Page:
Washington: Researchers at Harvard School of Public Health, the University of Gottingen, Germany, ETH Zurich, Switzerland, and the Indian Institute of Technology Gandhinagar, found not much association between economic growth and signs of undernutrition.
S.V. Subramanian, senior author and professor of population health and geography at HSPH, said that these findings represent a potentially major shift in how we think about policies to reduce child undernutrition, asserted that they emphasize that focusing on improving economic growth does not necessarily translate to child health gains.
The researchers analyzed data from nationally representative samples of children under three years of age taken from 121 Demographic and Health surveys done in 36 low- and middle-income countries between 1990 and 2011. They measured the effect of changes in per-head gross domestic product (GDP) on changes in stunting, underweight, and wasting.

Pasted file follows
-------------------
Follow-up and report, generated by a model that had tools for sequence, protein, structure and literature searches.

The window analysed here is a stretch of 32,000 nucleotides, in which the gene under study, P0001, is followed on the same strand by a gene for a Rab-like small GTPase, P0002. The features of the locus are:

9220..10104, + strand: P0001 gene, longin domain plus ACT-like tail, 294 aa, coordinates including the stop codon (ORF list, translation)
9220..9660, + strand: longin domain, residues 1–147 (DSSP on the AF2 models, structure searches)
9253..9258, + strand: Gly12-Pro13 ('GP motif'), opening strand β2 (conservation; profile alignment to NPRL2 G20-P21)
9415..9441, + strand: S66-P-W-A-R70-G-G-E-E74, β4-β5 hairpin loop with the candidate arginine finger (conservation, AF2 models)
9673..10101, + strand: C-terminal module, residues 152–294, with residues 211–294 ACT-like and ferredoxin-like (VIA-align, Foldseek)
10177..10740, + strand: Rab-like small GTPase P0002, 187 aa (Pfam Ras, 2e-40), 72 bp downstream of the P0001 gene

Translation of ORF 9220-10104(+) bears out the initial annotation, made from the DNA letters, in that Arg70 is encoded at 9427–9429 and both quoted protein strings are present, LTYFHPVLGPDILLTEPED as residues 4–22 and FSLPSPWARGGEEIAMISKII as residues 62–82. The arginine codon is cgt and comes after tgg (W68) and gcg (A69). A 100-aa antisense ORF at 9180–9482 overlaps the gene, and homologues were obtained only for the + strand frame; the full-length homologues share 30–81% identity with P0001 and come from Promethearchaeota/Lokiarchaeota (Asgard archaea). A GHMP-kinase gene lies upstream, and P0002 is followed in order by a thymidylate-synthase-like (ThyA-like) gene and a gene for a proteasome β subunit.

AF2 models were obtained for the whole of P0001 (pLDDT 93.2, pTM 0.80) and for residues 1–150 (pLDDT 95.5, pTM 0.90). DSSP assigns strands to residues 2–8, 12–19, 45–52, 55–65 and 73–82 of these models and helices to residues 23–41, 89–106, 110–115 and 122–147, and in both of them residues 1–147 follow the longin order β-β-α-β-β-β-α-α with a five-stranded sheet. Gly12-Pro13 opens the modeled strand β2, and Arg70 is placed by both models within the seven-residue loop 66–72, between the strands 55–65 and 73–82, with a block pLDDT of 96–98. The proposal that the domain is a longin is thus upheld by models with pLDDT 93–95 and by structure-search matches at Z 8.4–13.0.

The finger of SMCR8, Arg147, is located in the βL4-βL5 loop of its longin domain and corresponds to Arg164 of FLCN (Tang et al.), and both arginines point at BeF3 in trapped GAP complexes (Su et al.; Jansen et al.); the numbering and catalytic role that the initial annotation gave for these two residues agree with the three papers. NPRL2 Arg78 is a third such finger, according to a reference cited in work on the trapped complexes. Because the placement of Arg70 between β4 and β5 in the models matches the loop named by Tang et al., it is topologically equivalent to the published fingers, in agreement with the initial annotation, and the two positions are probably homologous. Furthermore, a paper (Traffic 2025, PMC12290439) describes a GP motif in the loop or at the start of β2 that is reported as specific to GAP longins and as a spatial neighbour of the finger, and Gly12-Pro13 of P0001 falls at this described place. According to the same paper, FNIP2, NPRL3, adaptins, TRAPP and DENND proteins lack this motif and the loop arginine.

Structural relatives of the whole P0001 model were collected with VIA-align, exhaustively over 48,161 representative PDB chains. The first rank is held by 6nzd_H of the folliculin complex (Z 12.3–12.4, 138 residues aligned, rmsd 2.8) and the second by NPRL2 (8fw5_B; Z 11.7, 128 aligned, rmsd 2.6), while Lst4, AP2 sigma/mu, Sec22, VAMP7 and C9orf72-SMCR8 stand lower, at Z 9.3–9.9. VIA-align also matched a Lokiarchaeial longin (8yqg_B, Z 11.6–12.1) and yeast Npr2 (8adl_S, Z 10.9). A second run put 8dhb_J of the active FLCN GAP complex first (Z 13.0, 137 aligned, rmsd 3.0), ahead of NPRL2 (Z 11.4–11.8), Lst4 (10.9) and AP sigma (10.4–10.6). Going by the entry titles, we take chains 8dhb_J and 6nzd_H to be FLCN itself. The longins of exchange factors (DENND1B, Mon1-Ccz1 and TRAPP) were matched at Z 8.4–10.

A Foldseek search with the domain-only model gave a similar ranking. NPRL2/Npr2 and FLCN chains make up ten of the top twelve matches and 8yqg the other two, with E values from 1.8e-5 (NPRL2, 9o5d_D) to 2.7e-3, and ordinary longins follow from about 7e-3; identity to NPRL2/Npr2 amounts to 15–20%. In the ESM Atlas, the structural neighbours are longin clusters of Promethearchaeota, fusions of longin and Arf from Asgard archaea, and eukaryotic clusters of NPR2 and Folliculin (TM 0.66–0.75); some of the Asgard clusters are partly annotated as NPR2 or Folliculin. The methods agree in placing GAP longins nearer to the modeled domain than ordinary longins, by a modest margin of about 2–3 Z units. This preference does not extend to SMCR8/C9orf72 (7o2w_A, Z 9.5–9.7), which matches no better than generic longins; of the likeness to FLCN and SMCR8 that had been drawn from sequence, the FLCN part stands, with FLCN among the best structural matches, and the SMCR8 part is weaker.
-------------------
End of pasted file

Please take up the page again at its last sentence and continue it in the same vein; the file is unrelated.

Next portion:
The findings showed no link between economic growth and undernutrition rates at a country level. For individual children, a 5 per cent increase in per-head GDP was associated with a very small reduction in the odds of being stunted (0.4 per cent), underweight (1.1 per cent), or wasted (1.7 per cent). Notably, no link was observed between economic growth and undernutrition in children from the poorest households who were at greatest risk.
The study has been published in The Lancet Global Health.